|Main authors:||Janja Rudolf, Špela Železnikar, Matjaž Glavan, Andrej Udovč, Sindre Langaas, Marina Pintar|
|Source document:||»Rudolf, J. et al. (2021) Actor's feedback on practices for improvement of water quality in FAIRWAY case studies and interim project results. FAIRWAY Project Deliverable 7.2R 74 pp|
|1. Questionnaire and survey methodology|
|2. Responses to the questions|
|3. Conclusions on FAIRWAY interim results|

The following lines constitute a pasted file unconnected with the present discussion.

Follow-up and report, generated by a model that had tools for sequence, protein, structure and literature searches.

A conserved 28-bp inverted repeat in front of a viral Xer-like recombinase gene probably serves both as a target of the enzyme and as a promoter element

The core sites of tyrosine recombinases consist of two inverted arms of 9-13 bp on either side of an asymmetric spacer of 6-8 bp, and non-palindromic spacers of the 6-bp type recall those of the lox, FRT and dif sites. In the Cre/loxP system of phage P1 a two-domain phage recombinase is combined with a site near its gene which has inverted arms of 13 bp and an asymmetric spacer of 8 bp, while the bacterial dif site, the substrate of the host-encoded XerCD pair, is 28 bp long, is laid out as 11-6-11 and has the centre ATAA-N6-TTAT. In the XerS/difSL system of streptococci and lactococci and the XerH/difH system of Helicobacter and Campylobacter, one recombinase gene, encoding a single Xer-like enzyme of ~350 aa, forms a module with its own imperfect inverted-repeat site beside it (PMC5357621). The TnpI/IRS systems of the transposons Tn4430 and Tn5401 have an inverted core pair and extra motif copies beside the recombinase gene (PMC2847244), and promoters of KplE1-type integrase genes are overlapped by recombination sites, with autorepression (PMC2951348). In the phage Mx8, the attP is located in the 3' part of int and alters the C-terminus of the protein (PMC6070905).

Responses from questionnaires completed by participants at the Joint FAIRWAY/WATERPROTECT Policy conference held in Brussels on 7th of December 2018 (53 attendants and 12 fully completed paper questionnaires) were supplemented with the use of CAWI method (Computer-Assisted Web Interviewing), which is a data gathering via the internet. A link to the web questionnaire was sent to all stakeholders that have accepted to be on the FAIRWAY mailing list for receiving information or invitations to an event. This list has also been used for the invitation for the Join Policy conference. The link to the web questionnaire of 306 mail addresses was sent on 27th of February 2019 with eight days to finish the web questionnaire. In this period, no other type of emails or other ways were used to increase the number of received questionnaires. After the due date, we received 23 questionnaires, of which 11 were fully finished (48% completion rate), but we were able to use 17 of 23. For the full analysis, we took answers of both the paper and web questionnaires (total of 29 fully finished questionnaires) and analysed them together.